Teaching children stranger safety without scaring them

One thing my children dislike about me is how much I talk, and not only to the people I know, but to strangers too!  For instance, I compliment people’s outfits in the grocery store line-up. I say good morning on walks and chat with other moms at the playground. Often times, my daughter pulls at my sleeve, trying to rip me away from talking so much.

Making an effort to make these polite exchanges is just a part of who I am. However, what message am I sending my children if I’m always talking to strangers and then telling them they can’t?

For example, one time about 8 years ago, when my eldest daughter was about 3 years old,  I recall sitting on the bench while she was in her swim class chatting with another mom. My daughter stepped out of the pool, water dripping down her legs, and with her arms folded across her chest, she quickly walked towards me and said in a curious tone, “Mommy, why are you talking to a stranger? You told me talking to strangers is bad.” In that moment, I couldn’t help but laugh. The other mom and I looked at one another, and giggled. My daughter was absolutely speaking the truth. I did warn her not to talk to strangers, but this stranger was clearly o.k for me to engage with. After all, I’m an adult, I can talk to whomever I please. Our children on the other hand, we teach them not to talk to strangers.  Clearly, I was confusing my daughter.

This scenario made me reflect on the ways in which we teach our children about ‘stranger danger’. I had the conversation with my daughter, but I also inhibited her from talking to anyone we didn’t know. As a result,  she gave me crap for talking to a stranger.

In hindsight, scaring our children was the wrong way to teach my children about stranger safety. First of all, I would always call it ‘Stranger Danger’.

 

Stranger danger is defined as the danger to children and adults, presented by strangers. The phrase stranger danger is intended to sum up the danger associated with adults whom adults/children do not know. The phrase has found widespread usage and many children will hear it (or similar advice) during their childhood lives.-wikipedia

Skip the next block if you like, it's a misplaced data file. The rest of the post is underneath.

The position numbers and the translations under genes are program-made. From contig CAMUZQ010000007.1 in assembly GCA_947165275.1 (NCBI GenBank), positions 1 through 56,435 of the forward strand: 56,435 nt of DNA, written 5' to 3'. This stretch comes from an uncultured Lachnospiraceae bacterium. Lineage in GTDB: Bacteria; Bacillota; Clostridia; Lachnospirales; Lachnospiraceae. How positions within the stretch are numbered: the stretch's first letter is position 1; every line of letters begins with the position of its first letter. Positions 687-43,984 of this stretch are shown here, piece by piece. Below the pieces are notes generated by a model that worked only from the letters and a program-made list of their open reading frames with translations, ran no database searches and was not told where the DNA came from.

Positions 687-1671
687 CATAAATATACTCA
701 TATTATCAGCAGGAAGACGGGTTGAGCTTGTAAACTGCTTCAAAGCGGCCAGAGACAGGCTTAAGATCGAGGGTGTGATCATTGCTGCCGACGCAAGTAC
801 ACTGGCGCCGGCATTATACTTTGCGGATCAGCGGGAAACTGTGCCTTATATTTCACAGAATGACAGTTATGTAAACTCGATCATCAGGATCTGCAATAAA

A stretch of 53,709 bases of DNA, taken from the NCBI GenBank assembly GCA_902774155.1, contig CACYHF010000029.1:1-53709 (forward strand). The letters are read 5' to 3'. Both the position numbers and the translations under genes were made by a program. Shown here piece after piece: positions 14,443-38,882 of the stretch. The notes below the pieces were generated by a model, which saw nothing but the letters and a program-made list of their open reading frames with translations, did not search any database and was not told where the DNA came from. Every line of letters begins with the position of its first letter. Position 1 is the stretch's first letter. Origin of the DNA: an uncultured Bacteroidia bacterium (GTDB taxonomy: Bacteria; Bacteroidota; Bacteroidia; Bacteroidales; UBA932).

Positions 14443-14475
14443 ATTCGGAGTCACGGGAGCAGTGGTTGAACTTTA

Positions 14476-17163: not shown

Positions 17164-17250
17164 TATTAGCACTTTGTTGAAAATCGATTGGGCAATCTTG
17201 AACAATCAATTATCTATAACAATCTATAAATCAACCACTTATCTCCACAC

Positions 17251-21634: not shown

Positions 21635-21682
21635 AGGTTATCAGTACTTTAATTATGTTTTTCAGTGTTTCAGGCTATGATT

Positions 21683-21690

When you attach the word danger to something, it’s bound to scare anyone! If  we constantly scare our children into thinking the world is a dangerous place, we contribute to anxiety in children and in ourselves.

That said, here are a few ways we can teach our children about ‘stranger danger’ without scaring them:

 

 image: pinterest

 

1. Stop calling it ‘Stranger Danger’!

Like I mentioned above, when we attach the word ‘danger’ to the word ‘stranger’ we automatically scare our children. Instead of using this term, try perhaps using the term  ‘stranger safety’. As much as the world is a dangerous place, it’s also a safe place. And, not all strangers are dangerous! In fact, there are safe strangers   in our community, and if we teach our children not to talk to strangers at all, we could potentially contribute to them being in a dangerous situation. Our children could be in a situation where they will need to reach out to a ‘safe’ stranger for help, like an officer, parent at the playground, or teacher.

2. Use teachable moments